It's one thing to teach your dog useful behaviors like sit, down and stay, but what should you do when your dog is doing something you don't want him to do? Dogs never seem to run out of ways to get into trouble, whether it's barking like a maniac out the window, chewing on your slippers, or chasing the family cat.
Life is a lot more pleasant if you know how to respond swiftly and effectively when Duke is doing something he shouldn't.
WHAT NOT TO DO? It's worth taking a moment to discuss what not to do, because many of our typical responses aren't very helpful.
For example, it seems to be oh-so-human to respond to misbehavior by saying something to our dog that is meaningful to us, but not to her.
How many of us have said "Be quiet!" to a barking dog, and never stopped to think that the words are just meaningless noise to anyone other than English speakers? The tendency to yell pointlessly at our dogs sounds foolish when you read about it, but it's a common response when an animal is doing something we don't like.
We make things worse by repeating the words at a louder and louder volume, as if yelling will clarify what we are trying to communicate.
That's true no matter what kind of animal we're talking to-recently I watched two men try to disentangle a "cattle jam" by yelling "Turn around, TURN AROUND!" to a frightened cow.
Granted, you could teach a cow to turn around on cue, but it was doubtful that this particular cow had been the beneficiary of any such training.
Remember this story when you are tempted to yell at your dog, and work on getting into the habit of only using words that mean something to her.
Last, but not least, don't take the advice about "getting dominance over your dog" as a solution to misbehavior.
Dogs aren't barking out the window or chasing squirrels because they don't respect you as the "alpha pack leader.
" They're barking, chasing and chewing because that's what dogs do, and because they haven't yet had a chance to learn behavior that we consider polite.
Our primary job is to teach our dogs what we do want them to do, rather than scold them for what we don't.
WHAT TO DO? The first question to ask yourself when your dog is misbehaving is what do you want your dog to be doing instead? You can say "no" until you're blue in the face, but that won't tell your dog what you want him to be doing.
After all, there are a thousand things your dog could be doing wrong, and if you say "no" to one, there are still 999 options left.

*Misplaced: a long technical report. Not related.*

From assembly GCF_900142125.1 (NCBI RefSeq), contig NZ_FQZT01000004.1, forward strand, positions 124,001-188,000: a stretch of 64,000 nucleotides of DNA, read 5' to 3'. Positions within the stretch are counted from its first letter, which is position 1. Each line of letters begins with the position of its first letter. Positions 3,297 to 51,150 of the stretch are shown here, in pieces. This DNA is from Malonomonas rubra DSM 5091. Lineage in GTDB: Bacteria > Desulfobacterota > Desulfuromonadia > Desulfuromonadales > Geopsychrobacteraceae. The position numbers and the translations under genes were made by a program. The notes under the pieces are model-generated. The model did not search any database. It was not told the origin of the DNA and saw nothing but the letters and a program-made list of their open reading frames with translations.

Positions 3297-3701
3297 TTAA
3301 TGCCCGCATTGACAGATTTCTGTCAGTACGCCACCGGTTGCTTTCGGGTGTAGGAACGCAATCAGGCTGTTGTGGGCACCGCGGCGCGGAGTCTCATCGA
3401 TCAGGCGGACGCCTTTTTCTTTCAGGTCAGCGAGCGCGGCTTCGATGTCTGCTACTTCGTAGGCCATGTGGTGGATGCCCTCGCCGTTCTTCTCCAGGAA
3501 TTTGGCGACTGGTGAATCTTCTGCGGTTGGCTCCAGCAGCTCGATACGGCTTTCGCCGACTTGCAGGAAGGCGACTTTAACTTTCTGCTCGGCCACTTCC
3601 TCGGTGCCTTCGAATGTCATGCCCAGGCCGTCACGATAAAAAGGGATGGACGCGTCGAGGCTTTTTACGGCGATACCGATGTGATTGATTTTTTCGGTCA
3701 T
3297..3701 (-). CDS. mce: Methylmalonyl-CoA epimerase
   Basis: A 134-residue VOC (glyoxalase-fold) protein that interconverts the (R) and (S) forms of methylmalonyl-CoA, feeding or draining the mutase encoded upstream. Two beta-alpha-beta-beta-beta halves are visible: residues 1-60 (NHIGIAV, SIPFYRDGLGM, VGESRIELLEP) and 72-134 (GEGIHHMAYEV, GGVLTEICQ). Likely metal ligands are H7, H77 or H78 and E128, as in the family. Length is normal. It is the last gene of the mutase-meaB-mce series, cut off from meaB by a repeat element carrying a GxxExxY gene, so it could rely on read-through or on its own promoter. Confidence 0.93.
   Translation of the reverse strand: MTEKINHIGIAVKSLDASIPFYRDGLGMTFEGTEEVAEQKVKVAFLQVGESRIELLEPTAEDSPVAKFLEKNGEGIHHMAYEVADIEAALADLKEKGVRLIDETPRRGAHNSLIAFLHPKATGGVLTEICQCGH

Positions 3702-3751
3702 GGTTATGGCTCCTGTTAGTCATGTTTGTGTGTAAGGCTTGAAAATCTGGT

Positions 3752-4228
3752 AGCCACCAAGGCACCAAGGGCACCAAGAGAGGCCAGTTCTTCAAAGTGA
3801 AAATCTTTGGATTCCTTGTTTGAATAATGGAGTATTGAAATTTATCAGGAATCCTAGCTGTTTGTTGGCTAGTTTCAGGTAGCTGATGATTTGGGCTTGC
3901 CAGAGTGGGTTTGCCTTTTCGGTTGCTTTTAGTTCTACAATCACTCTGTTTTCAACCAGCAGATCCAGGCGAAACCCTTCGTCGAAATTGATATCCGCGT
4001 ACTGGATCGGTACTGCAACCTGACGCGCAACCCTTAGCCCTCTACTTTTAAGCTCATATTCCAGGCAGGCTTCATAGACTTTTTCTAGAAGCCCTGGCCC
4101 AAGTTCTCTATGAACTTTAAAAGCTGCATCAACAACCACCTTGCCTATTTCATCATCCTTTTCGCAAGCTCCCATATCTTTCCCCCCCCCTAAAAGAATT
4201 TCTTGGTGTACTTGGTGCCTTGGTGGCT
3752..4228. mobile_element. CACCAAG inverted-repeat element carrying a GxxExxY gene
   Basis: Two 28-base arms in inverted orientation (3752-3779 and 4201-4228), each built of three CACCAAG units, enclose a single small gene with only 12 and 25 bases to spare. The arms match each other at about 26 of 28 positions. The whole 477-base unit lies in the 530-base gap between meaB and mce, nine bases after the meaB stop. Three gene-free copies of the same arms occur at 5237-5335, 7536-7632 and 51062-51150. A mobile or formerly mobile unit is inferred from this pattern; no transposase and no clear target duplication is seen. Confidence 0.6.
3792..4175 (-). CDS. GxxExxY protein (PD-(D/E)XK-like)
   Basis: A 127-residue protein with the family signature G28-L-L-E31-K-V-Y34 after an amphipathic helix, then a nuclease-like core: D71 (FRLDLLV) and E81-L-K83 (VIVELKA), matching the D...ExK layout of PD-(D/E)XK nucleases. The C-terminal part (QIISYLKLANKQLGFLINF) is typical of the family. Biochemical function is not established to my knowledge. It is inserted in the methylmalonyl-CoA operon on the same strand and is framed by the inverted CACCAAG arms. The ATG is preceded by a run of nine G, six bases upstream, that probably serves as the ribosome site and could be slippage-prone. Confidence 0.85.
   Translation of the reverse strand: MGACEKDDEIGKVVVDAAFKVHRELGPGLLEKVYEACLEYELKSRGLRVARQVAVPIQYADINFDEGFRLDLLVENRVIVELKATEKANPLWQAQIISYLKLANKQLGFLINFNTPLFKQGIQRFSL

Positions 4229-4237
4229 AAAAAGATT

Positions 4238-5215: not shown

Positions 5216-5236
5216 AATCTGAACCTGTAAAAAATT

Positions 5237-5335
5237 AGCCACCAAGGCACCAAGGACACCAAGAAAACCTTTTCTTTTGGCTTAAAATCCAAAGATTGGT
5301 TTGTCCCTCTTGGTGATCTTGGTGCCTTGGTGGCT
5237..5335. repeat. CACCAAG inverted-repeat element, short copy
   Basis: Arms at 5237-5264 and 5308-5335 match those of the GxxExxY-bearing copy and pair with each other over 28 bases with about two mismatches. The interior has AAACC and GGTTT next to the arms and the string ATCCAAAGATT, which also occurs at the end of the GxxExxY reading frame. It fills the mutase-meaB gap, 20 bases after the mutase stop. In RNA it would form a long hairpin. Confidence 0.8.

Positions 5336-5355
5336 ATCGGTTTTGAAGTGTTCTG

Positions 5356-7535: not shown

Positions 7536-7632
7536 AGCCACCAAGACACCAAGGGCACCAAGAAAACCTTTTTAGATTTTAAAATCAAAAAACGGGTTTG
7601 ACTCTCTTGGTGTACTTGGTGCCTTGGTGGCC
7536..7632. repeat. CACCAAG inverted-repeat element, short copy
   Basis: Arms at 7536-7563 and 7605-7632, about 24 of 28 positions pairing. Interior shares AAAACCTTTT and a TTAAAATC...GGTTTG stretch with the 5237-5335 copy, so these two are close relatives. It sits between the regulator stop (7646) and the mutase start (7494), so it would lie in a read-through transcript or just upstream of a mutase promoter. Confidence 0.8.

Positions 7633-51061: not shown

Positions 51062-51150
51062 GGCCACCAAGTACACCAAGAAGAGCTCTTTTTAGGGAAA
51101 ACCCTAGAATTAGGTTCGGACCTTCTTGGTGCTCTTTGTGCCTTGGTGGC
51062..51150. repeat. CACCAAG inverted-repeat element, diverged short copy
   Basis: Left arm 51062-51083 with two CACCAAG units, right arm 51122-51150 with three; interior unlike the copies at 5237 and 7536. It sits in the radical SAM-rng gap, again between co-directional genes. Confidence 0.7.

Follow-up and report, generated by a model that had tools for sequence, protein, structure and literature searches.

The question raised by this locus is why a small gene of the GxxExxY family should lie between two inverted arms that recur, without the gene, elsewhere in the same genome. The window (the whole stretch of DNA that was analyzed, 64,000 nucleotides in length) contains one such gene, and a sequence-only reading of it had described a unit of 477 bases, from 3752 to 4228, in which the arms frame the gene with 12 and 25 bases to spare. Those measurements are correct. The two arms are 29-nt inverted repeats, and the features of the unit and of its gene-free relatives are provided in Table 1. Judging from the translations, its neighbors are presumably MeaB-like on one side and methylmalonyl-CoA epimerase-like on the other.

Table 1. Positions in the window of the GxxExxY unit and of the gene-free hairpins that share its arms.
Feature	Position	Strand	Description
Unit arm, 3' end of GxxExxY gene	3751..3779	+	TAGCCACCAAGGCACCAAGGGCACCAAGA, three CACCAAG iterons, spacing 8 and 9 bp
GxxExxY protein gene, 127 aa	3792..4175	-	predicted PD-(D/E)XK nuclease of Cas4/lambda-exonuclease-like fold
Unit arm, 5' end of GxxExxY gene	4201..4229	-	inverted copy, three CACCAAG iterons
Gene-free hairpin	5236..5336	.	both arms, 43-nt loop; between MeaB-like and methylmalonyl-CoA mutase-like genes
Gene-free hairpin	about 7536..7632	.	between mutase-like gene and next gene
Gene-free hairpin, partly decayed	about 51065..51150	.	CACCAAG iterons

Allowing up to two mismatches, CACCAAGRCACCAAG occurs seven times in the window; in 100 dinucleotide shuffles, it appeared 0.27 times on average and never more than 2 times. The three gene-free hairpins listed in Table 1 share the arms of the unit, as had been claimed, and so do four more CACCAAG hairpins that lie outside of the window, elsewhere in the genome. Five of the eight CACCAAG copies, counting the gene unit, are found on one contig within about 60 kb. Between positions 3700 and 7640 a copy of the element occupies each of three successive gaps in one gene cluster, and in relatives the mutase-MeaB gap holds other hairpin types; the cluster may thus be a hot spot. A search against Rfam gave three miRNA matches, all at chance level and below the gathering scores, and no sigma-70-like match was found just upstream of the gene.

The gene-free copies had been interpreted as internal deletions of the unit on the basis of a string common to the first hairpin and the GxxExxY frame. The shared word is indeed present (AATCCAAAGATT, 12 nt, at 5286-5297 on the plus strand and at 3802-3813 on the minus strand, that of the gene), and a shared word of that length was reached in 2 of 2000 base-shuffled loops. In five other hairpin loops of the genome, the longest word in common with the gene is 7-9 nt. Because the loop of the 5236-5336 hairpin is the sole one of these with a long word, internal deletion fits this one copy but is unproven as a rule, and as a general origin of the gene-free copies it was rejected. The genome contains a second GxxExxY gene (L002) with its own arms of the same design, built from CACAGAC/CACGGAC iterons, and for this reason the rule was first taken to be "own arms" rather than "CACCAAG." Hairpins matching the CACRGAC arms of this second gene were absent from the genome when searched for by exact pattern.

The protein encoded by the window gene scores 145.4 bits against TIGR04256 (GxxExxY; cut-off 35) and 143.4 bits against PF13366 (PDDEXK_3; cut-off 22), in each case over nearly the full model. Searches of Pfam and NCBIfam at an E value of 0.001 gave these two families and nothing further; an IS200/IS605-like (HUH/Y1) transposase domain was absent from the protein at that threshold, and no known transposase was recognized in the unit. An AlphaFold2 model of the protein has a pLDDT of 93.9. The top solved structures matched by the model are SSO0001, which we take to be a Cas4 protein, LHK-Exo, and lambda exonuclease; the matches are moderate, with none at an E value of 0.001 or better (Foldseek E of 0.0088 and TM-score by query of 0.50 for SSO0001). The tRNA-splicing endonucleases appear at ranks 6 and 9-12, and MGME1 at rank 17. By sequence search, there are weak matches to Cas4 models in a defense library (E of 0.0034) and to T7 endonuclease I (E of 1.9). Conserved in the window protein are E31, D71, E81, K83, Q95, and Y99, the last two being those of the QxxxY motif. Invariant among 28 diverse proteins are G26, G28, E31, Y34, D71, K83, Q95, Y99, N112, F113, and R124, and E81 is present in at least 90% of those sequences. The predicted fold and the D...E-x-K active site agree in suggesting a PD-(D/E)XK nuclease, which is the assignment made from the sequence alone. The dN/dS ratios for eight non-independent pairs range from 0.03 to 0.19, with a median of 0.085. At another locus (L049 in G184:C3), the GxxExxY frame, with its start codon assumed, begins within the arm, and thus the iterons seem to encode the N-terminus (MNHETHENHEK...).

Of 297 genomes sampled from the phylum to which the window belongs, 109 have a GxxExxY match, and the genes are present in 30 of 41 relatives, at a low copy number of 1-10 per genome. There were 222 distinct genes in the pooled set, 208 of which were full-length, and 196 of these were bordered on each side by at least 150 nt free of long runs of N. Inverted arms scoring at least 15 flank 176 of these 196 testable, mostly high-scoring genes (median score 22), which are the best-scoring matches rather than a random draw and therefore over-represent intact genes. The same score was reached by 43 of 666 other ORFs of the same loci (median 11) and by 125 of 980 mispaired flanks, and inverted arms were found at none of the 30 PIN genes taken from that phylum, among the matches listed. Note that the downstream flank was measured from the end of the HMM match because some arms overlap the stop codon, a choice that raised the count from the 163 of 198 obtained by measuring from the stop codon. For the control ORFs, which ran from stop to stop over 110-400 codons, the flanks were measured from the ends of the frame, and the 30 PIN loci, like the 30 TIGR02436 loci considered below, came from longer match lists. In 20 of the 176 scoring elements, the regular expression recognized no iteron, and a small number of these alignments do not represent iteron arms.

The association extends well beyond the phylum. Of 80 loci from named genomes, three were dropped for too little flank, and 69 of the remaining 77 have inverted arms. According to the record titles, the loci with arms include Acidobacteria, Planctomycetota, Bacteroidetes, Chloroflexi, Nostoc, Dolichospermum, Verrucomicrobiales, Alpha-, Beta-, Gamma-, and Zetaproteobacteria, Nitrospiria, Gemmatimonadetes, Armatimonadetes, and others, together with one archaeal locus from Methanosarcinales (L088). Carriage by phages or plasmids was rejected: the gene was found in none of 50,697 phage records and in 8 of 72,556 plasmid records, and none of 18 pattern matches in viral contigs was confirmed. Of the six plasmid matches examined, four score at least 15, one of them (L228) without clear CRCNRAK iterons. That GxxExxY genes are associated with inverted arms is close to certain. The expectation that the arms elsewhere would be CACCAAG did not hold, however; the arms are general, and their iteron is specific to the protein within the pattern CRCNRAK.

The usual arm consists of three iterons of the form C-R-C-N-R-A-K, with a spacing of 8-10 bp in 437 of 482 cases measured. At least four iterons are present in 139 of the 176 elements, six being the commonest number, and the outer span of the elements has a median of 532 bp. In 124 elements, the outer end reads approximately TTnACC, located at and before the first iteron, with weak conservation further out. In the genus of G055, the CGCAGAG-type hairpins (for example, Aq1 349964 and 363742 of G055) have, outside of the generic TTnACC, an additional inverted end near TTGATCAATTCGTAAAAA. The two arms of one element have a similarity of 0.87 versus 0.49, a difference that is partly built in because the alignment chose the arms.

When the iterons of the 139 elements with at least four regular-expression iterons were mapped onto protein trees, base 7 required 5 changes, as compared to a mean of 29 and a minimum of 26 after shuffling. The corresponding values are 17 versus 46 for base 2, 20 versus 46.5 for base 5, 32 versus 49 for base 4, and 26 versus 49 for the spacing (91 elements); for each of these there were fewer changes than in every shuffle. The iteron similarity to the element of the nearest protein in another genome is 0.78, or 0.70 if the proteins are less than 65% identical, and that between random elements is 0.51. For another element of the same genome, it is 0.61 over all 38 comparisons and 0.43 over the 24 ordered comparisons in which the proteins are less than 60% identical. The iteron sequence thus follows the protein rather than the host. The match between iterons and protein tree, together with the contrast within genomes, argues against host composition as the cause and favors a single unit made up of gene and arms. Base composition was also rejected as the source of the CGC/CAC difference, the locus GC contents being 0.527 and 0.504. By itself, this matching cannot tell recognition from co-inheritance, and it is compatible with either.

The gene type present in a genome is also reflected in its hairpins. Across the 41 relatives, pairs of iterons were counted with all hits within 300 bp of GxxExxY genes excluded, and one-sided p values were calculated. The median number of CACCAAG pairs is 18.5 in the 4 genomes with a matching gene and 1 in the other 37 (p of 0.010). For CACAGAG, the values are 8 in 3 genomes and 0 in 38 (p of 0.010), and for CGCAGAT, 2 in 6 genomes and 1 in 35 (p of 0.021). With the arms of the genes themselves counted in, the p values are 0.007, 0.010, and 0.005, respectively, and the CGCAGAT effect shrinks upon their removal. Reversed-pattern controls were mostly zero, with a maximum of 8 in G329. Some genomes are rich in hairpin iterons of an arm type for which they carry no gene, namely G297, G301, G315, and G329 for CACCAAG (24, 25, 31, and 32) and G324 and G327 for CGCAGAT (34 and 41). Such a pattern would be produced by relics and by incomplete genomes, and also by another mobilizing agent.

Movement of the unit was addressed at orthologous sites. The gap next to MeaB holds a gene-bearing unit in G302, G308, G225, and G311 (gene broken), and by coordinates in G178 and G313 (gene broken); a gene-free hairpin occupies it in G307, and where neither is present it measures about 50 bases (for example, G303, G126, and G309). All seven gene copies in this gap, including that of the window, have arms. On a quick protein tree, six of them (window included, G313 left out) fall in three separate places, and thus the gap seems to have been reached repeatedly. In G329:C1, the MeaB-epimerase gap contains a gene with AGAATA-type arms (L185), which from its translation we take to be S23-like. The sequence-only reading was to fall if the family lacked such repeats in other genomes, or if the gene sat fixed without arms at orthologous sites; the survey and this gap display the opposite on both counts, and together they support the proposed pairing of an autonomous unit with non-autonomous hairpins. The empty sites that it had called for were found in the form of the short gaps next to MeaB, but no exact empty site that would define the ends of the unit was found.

However, there are only a few things that you would like your dog to be doing-your job is to teach him what they are, even when he has other ideas.
Let's take barking out the window as an example.
Imagine you've just settled down to eat your dinner, and your dog sees a couple with a stroller walking past your house.
Your dog leaps up and launches into vigorous barking and scratching at the window.
If you sit at the table and yell "no," you aren't telling your dog anything about what he should be doing instead.
Even worse, you are probably adding fuel to the fire by making bark-like noises yourself-what is your dog to think but that you've joined the festivities and that he was right to bark in the first place? However,what if you quietly grab a treat from your plate (hey, sometimes you have to be creative), go to your dog and distract him with the treat an inch from his nose? Now you've ensured that you've gotten his attention and distracted him away from the source of his barking.
If you lure him away from the window and ask him to sit and lie down, you've just shown him what you do want him to do.
By interrupting the problem behavior and then redirecting him to something appropriate, you've turned a problem situation into a "teachable moment.
" You can make a mental note that barking out the window could be an issue that needs your attention, and that you need to proactively teach him a different response when he sees people walking by.
You can do that by using your trusty treats or toys to reinforce him every time he turns away from the window after seeing something outside, helping him when necessary by luring him away or clapping your hands to get his attention.
Eventually he'll do it all by himself, having learned it's fun to turn away from the window when he sees someone outside.